All specimens were fixed in 4% formaline (pH 7.4), embedded in paraffin followed by cutting with a microtome (3 µm thickness) and placing on SuperFrost Plus slides (Microm International, Walldorf, Germany). For immunohistochemistry, the following antibody was used: monoclonal rabbit IgG anti-human PAX2 (Epitomics, California, USA). The slides were deparaffinized in xylol for 20 minutes and then rehydrated in descending series of ethanol (100%, 100%, 96%, 96%, 70%, and 70%). For antigen retrieval the slides were boiled in citrate buffer (pH 6.0) for 40 min, and then allowed to cool down for 15 min. After washing with PBS buffer the endogenous peroxidase was blocked with H2O2 for 15 min at room temperature. After washing in PBS the slides were incubated with the antibody against PAX2 (dilution 1:100) for 60 min at room temperature and washed in PBS again. The secondary antibody was incubated for 20 min at room temperature and after washing the slides in PBS the biotin streptavidine label was incubated for 20 min at room temperature. A detection kit including horseradish peroxidase and diaminobenzidine as chromogene was applied for 5 min (DCS, Hamburg, Germany). Counterstaining was performed with hematoxilin for 6 min.

Cell culture

The human keratinocyte cell line HaCaT and the melanoma cell lines MeWo and Sk Mel 5 were provided from Prof. Jörg Reichrath (Department of Dermatology, The Saarland University Hospital, Homburg/Saar, Germany). The melanoma cell lines A375, IPC298, G361, NW1539 were a kind gift from Dr. Claudia Bürger (Department of Dermatology, Goethe University hospital) and human melanocytes (Mel43) were isolated as described elsewhere [29].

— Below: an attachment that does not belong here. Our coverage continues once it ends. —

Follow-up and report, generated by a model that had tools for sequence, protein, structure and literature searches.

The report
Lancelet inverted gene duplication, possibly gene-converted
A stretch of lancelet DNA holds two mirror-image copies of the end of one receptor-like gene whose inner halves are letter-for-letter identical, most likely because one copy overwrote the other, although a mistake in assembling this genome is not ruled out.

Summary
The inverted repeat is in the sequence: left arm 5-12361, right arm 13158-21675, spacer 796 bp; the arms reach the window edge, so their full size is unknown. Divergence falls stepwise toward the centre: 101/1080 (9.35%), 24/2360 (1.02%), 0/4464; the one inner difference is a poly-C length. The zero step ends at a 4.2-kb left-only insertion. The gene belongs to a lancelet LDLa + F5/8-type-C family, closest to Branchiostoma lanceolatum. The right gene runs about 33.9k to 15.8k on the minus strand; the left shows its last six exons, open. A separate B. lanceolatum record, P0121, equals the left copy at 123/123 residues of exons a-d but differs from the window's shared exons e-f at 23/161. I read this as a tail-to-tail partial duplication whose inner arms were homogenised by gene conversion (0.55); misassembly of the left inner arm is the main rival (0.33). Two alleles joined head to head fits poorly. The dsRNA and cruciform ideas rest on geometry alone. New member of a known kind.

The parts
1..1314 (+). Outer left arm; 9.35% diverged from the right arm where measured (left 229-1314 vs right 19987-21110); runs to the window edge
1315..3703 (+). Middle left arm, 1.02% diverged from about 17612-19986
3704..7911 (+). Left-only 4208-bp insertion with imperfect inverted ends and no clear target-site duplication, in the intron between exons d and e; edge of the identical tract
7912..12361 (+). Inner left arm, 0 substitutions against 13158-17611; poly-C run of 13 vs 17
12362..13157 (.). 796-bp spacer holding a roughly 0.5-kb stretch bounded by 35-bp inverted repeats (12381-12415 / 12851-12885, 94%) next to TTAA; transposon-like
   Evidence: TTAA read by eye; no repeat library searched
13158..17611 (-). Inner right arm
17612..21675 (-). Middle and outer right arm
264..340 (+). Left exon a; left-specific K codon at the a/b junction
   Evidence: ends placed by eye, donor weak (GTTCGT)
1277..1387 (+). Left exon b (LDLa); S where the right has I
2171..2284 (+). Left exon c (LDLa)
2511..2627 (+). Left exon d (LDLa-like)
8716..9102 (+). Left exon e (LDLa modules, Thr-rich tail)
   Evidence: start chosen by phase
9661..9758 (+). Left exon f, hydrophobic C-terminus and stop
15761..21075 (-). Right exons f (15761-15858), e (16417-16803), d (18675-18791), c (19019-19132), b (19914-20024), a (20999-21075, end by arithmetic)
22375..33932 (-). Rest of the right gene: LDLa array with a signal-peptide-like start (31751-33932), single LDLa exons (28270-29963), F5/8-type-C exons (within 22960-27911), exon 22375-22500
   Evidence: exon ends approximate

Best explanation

siRNA transfection

For downregulation of endogenous PAX2 expression the following siRNA duplexes (MWG Biotech AG, Ebersberg, Germany) were used: PAX2-siRNA1: 5′-GAA GUC AAG UCG AGU CUA U-3′, PAX2-siRNA2:5′AUC UUC AUC ACG UUU CCU CCC CC-3′. As a negative control unspecific scrambled siRNA duplexes (5′-AGG UAG UGU AAU CGC CUU GTT-3′) were used. 24 hours before the transfection 1×105 cells were seeded in 6-well plates. Transfection of siRNA was carried out using Oligofectamine (InVitrogen, Karlsruhe, Germany) and 10 nM siRNA duplex (MWG Biotech AG, Ebersberg, Germany) per well. Transfection was performed as previously described [30]. Specific silencing of targeted genes was confirmed by at least two independent experiments.

Western Blot Analysis

Cell extracts were prepared and processed as described recently [31] at times indicated. Western Blot membranes were incubated with a rabbit antibody against human ADAM10 in a dilution of 1:2000 (Calbiochem, Darmstadt, Germany) in 2% non-fat dry milk dissolved in TTBS (20 mM Tris, 150 mM NaCl pH 7.5, 0.1% Tween 20). Blots were developed using the ECL system (AmershamPharmacia, Buckingshamshire, UK). To confirm equal loading, blots were reprobed with a β-actin antibody (Sigma, Deisenhofen, Germany).

Chromatin immunoprecipitation (ChIP) assay